The MEM command

Since MS-DOS 6.* the MEM command features the /M and /P parameters.
As I will show, we can use the /M parameter to let batch files check wether TSRs or device drivers are loaded or not.

But first, the syntax as given for PC-DOS 7:

Displays the amount of used and free memory in your system.

MEM [ /CLASSIFY | /DEBUG | /FREE | /MODULE modulename ] [/PAGE]
/CLASSIFY or /C Classifies programs by memory usage. Lists the size of programs, provides a summary of memory in use, and lists the largest memory block available.
/DEBUG or /D Displays status of all modules in memory, internal drivers, and other information.
/FREE or /F Displays information about the amount of free memory left in both conventional and upper memory.
/MODULE or /M Displays a detailed listing of a module's memory use.
This option must be followed by the name of a module, optionally separated from /M by a colon.
/PAGE or /P Pauses after each full screen of information.

Use the /M parameter, combined with the FIND command, to check if a TSR or device driver is loaded:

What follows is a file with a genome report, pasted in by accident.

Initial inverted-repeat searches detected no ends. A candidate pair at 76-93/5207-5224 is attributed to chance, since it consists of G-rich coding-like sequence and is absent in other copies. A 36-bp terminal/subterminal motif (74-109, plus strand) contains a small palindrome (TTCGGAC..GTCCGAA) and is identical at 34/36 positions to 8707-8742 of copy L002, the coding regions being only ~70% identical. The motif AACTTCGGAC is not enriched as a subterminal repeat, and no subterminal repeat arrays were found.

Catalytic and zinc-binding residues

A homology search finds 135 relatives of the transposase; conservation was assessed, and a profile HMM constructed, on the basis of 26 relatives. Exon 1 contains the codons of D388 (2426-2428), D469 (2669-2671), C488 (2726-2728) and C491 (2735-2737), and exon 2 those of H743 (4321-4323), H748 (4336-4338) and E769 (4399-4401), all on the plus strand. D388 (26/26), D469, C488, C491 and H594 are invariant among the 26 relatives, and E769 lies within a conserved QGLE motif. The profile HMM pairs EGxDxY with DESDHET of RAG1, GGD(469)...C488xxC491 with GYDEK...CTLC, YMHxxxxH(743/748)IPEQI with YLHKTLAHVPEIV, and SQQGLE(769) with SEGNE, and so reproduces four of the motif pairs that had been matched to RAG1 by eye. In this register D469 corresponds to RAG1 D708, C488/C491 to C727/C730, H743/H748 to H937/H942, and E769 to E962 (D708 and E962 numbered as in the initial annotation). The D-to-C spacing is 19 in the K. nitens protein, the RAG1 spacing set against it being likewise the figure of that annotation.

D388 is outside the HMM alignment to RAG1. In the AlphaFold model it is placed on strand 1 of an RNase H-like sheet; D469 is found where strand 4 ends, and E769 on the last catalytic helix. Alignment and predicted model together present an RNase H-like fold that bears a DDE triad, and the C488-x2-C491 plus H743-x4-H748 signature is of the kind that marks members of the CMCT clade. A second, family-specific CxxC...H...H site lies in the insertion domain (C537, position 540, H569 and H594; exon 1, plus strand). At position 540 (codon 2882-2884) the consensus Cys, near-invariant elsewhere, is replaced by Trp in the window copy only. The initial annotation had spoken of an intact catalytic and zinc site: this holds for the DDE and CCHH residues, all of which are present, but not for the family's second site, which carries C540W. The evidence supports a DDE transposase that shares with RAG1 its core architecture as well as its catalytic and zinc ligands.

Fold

MEM /M ANSI | FIND "following" > NUL
IF NOT ERRORLEVEL 1 ECHO ANSI is loaded

This batch file uses one line of MEM /C's output:
ANSI is using the following memory:
If ANSI is not loaded in memory, this line will not be displayed.
Consequently, FIND will produce an errorlevel of 1.

In the same way, you might use:

MEM /C | FIND "ANSI" > NUL
IF NOT ERRORLEVEL 1 ECHO ANSI is loaded

This method is less DOS version dependent, as far as the usage of MEM /C is concerned.
You will have to check, however, if FIND will produce an errorlevel dependent on its search result, in your particular DOS version.


page last uploaded: 26 February 2013, 13:17
Fileaze